[JURIST] The US District Court of the Central District of California [official website] Friday ended the Los Angeles Police Department (LAPD) [official website] consent decree [LAPD materials; PBS backgrounder] to federal oversight that the LAPD was forced into in 2001 resulting from US Department of Justice Civil Rights Division [official website] pressure after the Rampart Area Corruption Incident [PBS backgrounder]. Judge Gary Feess, Jr., who had presided over the decree, reasoned that the LAPD had accomplished substantial progress to merit release the department from federal supervision. Feess' ruling retained DOJ jurisdiction over an approved three-year transition agreement from federal oversight to Los Angeles Police Commission supervision, while specifying that if the mandated reform process is unsatisfactory, the LAPD risks returning to federal oversight. The ruling also emphasized the need for more reforms in officer training, officer financial disclosure policy, and reports on how officers address racial profiling complaints. While LAPD Chief William Bratton [official profile] viewed the ruling as long overdue, citing the significant progresses of the department, the American Civil Liberties Union of Southern California [advocacy website] Legal Director Mark Rosenbaum decried [press release] the ruling as a disappointment because "there [is] still too much evidence that skin color makes a difference in who is stopped, questioned, and arrested by the LAPD."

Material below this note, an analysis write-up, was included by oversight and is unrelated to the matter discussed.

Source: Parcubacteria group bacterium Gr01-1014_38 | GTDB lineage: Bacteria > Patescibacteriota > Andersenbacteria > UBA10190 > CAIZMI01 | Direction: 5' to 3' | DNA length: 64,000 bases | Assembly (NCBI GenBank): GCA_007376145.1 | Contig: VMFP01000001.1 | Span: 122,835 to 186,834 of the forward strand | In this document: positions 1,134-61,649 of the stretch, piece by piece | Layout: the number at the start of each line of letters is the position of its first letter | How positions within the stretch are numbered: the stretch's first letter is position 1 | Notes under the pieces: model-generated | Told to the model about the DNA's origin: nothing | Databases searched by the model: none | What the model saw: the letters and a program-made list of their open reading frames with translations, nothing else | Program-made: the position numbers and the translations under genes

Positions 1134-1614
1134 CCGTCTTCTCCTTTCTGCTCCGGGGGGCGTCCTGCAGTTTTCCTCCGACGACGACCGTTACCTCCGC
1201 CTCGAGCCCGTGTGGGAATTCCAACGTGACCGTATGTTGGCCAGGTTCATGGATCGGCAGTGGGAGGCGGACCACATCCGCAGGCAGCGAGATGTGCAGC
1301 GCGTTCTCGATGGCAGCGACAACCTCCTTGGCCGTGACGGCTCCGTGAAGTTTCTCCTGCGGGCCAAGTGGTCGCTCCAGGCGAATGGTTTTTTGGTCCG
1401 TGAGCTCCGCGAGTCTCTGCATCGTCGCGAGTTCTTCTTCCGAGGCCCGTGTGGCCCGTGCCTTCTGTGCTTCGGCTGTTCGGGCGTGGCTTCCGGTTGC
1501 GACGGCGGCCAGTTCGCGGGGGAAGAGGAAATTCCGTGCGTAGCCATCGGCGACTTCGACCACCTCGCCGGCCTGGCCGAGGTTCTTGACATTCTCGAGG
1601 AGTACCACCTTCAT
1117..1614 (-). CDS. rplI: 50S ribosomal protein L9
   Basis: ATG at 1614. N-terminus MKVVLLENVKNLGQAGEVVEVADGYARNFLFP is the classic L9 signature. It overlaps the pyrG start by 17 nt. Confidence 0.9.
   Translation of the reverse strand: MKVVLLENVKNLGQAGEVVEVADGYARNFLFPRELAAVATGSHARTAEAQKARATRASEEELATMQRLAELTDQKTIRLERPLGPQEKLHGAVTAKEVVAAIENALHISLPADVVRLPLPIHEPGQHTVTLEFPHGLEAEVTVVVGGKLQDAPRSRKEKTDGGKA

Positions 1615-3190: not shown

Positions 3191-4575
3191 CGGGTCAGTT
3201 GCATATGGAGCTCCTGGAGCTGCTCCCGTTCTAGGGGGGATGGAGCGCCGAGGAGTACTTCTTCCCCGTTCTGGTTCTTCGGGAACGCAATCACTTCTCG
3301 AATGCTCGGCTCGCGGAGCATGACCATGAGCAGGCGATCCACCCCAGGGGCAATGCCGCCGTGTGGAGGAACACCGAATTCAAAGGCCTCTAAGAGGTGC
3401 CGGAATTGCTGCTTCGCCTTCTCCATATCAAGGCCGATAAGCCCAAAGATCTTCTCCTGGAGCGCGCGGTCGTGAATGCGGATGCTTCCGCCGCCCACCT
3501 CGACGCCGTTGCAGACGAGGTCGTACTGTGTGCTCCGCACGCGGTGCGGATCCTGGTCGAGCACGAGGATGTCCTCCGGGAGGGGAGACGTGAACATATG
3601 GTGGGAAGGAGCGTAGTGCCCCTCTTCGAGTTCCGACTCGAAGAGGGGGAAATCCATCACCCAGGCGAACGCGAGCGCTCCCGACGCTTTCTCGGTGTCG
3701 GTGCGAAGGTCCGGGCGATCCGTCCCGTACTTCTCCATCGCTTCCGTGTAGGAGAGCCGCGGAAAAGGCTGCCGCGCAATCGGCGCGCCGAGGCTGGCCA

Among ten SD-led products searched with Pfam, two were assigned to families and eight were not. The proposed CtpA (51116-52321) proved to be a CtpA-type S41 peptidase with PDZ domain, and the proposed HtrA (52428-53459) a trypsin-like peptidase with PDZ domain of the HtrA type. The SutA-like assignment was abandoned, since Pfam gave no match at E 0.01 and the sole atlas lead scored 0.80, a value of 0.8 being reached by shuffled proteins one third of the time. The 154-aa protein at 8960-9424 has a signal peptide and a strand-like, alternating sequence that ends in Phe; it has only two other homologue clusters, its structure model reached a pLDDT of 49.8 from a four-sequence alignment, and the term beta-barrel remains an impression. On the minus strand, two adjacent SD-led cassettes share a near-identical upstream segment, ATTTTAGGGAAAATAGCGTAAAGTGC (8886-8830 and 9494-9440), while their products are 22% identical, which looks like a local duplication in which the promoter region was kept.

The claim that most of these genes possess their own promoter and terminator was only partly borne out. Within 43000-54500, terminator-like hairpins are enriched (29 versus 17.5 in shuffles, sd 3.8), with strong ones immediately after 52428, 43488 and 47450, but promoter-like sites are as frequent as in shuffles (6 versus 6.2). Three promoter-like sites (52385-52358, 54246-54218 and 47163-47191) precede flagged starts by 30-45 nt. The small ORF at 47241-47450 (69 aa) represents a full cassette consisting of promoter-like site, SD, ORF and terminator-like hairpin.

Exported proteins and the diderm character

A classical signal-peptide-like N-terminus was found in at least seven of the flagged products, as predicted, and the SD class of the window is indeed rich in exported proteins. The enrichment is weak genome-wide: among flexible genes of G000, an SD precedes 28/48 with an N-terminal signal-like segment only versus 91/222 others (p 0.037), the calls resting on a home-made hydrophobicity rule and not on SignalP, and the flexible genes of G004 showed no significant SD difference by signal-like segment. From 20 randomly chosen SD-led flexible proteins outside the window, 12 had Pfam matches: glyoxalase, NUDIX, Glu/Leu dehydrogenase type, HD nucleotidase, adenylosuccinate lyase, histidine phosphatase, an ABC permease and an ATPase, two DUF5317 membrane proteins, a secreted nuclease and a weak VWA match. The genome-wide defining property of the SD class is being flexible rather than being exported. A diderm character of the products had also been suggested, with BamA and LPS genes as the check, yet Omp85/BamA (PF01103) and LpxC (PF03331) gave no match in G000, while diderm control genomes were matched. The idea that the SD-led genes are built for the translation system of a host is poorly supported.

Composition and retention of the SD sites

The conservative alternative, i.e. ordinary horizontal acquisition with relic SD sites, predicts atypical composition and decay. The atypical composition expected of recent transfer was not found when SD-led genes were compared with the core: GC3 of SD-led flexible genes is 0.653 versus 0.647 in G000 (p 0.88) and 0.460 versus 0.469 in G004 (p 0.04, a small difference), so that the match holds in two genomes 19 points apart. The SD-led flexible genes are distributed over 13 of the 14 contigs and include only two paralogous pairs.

Feess extended the consent decree twice within the past month. In June, the Office of the Independent Monitor of the LAPD issued its final report [materials], referenced in Feess' ruling in recognizing the reform progress accomplished by the department. The original consent agreement was for five years, and called for an independent monitor over reforms in officer training, investigations, and audits to address Fourth and Fourteenth Amendment rights violations.